love. being the patient result of a series of local inquiries under a wagered hypothesis of an undecidable event. the Reign of Terror. i. A precursor. When Saint-Just affirms in 1794: “The Revolution is frozen”. and so on to infinity. But how is it that such truths can be at once eternal. is something of which we know only later that it came before. if this process is an amorous encounter. if Cubism is a new form. and which opposes all the forces of the old world. a retrospective genealogy of precursors. but a multiple that Badiou calls “generic. in relation to the subject. having wagered on the existence of the event. of an infinite number of consequences: a set of inquiries therefore. as we know. is that of the “French Revolution”: if we try to demonstrate the existence of this Revolution in the same way we try to exhibit an empirical fact. In other words. claims the ontologist (i. by right. always coming and making a hole in knowledge. except the illusion of novelty. An event is always undecidable in relation to knowledge. at the heart of the situation. because nothing in this set by itself lays claim to the name of the Revolution other than chaos. Suppose you have an infinite “encyclopedic” language.” but also of “not a” (“a” therefore could not characterize it) of “b. by right. in order to herald a new lineage of . taken place. To call a Revolution the Revolution. Another example. and not a fling?”. The question for a subject is: “if something has indeed taken place. albeit rarely. and having decided to follow out its consequences. what is he talking about. “how to change our life together.” This property characterizes a set whose mathematical singularity eludes all possibility of classification by linguistic predicates. and yet the bearers of history.QUENTIN MEILLASSOUX Indeed. opinion. the storming of the Bastille. upholds an emancipatory truth in the process of elaboration. given in BE. or divine punishment. what is to be done to remain faithful to it?”: “what to paint. disorder. a subject capable of making an exception to the ordinary regime of knowledge. inexhaustible. a truth whose being is. Now we understand in what way a truth. and not a disorder?”. and boredom. even those supposed to be infinite. we will undoubtedly fail: because the Revolution is none of the facts that compose it—the States-General assembly. in the minds of those who decide to be faithful to it. the result of a fidelity concerned with the unlimited consequences of an event. as a consequence? He is not talking about an objectively constituted fact. is thus to affirm the sense in which one remains faithful to a hypothesis: the hypothesis. artistic discipline calling for the revolution of a form: such are the four types of truths—produced by the four procedures of politics. This is why an event always produces. in such a way as to produce partially. or merely sexual desire? Pictorial novelty.—and neither is it their combination. might have. Emancipated society. being at once new and aberrant in regard to the law of being. egoism. always infinite. but an event attested to. and capable of being extended to historical moments in profoundly different contexts. There is thus no novelty that does not try to forge a previously unknown historical depth. A truth—like everything else—is a multiple. and art—that may create. The subject is thus the invention of a fidelity to that which. if 1789 is a revolution. the only genuine history? It is because a truth is the bearer. an event is not a matter of scholarly discourse.. mathematized science. a truth is the bearer of theoretical movements that form among themselves a historicity both profound and discontinuous.e. etc. that something fundamental is being produced in the political field that is worth being faithful to. science. the wager.” but also of “non b. and not an imposture?. not only by its site—France 1789 to 1794—but also and above all by the militant naming of what happened there. A truth is such an infinite multiple. or shapeless mass and imposture? Etc. This undecidability of the event is given in the fact that it has always already disappeared the moment it is located. by a sequence of finite operations. because it will be made of “a little bit of everything” says Badiou: of “a. and can therefore always be annulled by one who only believes in brute facts: is there political revolution.” “how to act. or merely an accumulation of disorder and crime? Amorous encounter. by bringing together a series of ideas previously dispersed in common consciousness. while trying to draw out that which.e. cannot exist outside the concrete history of subjects.” etc. and therefore implies the suspicion that nothing has taken place. capable of naming and differentiating an infinity of properties: then there will exist for this language. The fragile being of the event therefore held in a trace that only a militant discourse—and not an erudite one—can draw out: the subject is thus the name of the faithful operations of an evental trace. love subverting sexual difference by inventing a new bond between men and women. etc. the mathematician) a multiple that this language cannot name.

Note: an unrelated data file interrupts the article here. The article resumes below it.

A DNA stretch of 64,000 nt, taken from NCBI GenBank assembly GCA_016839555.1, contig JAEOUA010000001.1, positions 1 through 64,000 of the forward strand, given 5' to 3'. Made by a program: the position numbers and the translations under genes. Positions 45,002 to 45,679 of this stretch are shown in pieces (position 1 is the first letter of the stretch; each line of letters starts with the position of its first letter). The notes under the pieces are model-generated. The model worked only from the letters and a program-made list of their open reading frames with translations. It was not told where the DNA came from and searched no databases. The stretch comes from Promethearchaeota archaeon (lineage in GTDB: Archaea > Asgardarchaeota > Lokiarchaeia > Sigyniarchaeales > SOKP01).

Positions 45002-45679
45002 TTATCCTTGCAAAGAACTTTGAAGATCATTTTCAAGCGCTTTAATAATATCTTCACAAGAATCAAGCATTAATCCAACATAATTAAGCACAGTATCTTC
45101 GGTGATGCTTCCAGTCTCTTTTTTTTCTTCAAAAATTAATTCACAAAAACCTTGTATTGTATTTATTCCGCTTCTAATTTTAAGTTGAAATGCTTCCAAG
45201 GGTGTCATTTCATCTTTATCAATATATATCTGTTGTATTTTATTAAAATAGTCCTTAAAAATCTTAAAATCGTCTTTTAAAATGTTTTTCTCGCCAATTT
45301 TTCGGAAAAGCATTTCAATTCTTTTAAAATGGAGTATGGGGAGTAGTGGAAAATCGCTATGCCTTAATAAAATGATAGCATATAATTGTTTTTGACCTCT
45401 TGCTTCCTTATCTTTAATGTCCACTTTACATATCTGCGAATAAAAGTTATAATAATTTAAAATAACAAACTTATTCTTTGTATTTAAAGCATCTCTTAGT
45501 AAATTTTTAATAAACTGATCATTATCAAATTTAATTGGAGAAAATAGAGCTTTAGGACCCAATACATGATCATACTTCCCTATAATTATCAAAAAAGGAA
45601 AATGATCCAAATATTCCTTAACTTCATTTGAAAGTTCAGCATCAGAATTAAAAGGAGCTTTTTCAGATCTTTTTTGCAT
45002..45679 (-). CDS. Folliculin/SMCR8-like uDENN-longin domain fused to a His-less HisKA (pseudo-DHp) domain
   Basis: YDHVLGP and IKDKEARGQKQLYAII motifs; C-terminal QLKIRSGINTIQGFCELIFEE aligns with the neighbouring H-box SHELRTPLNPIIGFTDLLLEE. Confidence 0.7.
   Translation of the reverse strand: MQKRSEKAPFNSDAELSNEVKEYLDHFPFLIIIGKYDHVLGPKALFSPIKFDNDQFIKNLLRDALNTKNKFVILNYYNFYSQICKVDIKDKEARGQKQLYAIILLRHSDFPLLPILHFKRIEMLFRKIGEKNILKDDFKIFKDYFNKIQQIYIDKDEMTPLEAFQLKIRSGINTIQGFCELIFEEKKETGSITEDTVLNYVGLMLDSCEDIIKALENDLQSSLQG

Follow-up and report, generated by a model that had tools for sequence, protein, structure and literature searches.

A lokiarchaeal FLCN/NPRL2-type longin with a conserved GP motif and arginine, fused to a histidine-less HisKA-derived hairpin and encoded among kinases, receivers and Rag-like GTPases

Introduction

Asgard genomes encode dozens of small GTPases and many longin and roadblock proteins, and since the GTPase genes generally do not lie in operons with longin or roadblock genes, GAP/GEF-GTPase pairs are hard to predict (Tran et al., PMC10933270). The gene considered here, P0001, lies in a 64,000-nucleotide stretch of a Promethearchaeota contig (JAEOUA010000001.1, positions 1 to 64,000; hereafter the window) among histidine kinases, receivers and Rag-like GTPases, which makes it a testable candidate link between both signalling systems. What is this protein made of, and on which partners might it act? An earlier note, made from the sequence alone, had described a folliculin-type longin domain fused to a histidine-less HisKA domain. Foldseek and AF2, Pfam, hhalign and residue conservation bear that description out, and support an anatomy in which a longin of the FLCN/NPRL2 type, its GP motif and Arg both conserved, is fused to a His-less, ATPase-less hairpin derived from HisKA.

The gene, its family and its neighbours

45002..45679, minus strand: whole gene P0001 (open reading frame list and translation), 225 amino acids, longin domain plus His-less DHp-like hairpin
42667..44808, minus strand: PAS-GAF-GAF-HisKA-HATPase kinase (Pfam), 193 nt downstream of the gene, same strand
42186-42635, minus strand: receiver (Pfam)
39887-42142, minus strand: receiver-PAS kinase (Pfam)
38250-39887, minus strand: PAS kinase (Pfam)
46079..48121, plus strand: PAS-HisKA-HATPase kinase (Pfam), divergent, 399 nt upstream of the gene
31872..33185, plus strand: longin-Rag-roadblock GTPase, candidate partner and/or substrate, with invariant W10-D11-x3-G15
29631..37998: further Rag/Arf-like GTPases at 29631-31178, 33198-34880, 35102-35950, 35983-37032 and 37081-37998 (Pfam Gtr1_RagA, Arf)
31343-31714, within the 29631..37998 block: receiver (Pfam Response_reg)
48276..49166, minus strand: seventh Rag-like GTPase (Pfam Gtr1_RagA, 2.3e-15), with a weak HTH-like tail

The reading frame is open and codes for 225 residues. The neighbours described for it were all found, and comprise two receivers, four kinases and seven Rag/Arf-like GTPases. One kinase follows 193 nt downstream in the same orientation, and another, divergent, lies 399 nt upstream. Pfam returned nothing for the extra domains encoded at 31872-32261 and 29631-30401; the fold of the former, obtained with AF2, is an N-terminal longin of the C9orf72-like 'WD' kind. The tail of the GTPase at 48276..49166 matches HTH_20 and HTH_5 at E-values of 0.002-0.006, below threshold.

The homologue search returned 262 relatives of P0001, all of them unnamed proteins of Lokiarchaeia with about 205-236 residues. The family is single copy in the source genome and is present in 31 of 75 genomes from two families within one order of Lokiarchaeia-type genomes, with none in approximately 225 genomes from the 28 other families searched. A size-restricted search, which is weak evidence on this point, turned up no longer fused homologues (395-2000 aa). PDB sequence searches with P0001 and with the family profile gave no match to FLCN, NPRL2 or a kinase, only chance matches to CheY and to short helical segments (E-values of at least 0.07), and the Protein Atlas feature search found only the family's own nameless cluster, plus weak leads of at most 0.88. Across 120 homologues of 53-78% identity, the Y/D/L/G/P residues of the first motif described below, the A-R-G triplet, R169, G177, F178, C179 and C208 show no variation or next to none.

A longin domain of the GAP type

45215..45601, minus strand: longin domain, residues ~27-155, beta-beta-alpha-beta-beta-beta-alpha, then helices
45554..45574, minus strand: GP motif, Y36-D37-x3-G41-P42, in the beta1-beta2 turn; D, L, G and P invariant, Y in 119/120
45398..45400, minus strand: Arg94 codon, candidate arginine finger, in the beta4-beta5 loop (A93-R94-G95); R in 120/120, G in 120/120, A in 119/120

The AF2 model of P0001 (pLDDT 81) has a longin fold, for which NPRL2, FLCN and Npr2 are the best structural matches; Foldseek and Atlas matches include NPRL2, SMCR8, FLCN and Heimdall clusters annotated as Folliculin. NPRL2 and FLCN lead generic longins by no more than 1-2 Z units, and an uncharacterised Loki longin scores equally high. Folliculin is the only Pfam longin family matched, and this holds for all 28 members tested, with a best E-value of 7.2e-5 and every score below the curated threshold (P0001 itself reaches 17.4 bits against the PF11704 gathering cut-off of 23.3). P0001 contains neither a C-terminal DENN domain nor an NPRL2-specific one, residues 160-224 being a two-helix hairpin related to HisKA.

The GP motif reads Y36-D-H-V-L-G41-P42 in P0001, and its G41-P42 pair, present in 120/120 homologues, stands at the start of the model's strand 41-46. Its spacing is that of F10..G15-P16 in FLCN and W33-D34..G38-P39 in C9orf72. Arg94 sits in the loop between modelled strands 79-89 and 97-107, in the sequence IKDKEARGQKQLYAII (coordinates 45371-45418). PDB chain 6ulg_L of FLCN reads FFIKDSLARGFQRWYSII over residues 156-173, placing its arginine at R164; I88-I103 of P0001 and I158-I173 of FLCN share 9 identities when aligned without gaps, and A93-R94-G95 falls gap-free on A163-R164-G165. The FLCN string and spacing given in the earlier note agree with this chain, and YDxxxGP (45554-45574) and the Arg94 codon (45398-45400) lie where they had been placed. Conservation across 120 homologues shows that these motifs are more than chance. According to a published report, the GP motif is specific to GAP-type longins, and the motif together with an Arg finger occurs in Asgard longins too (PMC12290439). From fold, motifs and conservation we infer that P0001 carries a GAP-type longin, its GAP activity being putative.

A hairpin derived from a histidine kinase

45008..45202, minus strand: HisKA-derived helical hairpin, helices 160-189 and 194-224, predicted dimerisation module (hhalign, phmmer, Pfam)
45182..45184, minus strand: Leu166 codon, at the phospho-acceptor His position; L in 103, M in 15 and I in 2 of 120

since Badiou’s ontology does not abide by the givens of contemporary physics— making of all entities a pure multiple such that one never encounters any fundamental unity. tying together temporal segments across the centuries. separated sometimes by distant epochs. and current opinions. ontological multiples lack the order that the empirical given manifests for us: they are only multiples made of other multiples. in contrast to Aristotle. we must now turn to the second volume of BE: LW. who expelled mathematics from physis. is to confront a problem left unaddressed by BE: how is it that being—pure inconsistent multiplicity—can come to appear as a consistent world? In themselves. eternal because they are historical: they insist in history. This fragmented history is opposed to the simple passage of time without meaning. LW will thus allow us to think the connection between a posed truth as the immutable inconsistency of the multiple. cannot be produced without cloaking itself in the tatters of the past—politics being one of the major places where the new is revived along with the defeated ancestors of their time. which does not claim to be realizing an idea that was not already germinal in a largely unknown. as new as it may be. that in turn are multiples of molecules. they give birth to history itself through their reactivation. etc. stable unities on which we can build a foundation: objects. truths can be reborn. as Marx already knew. . A revolution. made of a multiplicity of atoms. they deepen the revolutionary path with each of their reactivations. But if we want to give a rigorous form to this intuition of historico-eternal truths. whose torch shines again in the present configuration.HISTORY AND EVENT IN ALAIN BADIOU the present. They are not reborn in history by interrupting its becoming with their recommenced identities: on the contrary. LOGICS OF WORLDS Let us begin by explaining the general meaning of the 2006 work. These unities do not emerge entirely from an arbitrary act of a subject affixing its unity of the count to them from without. To which principle objectives does Logics of Worlds. they are not reborn under the form of a simple and sterile repetition: on the contrary. ordinary oppressions. respond? The preface of this work draws out two in particular. the inventors of infinitesimal calculous feverishly immersed themselves in Archimedes’ rediscovered manuscripts in order to revive its theoretical audacity. A building is a multiple of bricks.e. material bodies. through captivated subjects. the context of the appearance of truths. from which we weave empty hours and epochs that for Badiou are clearly not worthy of the name of history in a genuine sense. collectivities. published in 2006. The purpose of this. institutions. For it is in this second work. But we can say the same for scientific revolutions: Galileo claimed to be following in the footsteps of Plato. i. always unfolding more profoundly the infinity of their potential consequences. or misinterpreted past. a brick. but because they are infinite. a molecule are one because they are counted as one. this extension of Being and Event. the pictorial revolution of the fifteenth century thought of itself as a Renaissance of Greek aesthetics. and the extraordinarily various historicocultural contexts in which that same truth can reveal itself to subjects who would otherwise be completely separated from each other. that Badiou thinks through in depth the notion of world. The problem then is to understand why being does not present itself as such an inconsistent multiplicity: for there are plenty of things that are given to us as intrinsically bound up in the given. The first objective is to add to the theory of being. they3 actually govern their own sensible donation. It is always the count that introduces the One: a house. Because they are eternal. themselves decomposable into a multiplicity of quarks—and so on to infinity. but all equally transfixed by the urgent eventality that illuminates their present. This is why truths are eternal and historical. There is no truth. But this introduction of the One by the count begins with a being that one never thinks of as anything else other than multiplicities without end. if not in being than at least in appearance. a theory of appearance. the inventor of stereometry. for Badiou. making their inexhaustible potential for novelty intervene in the monotonous train of daily work.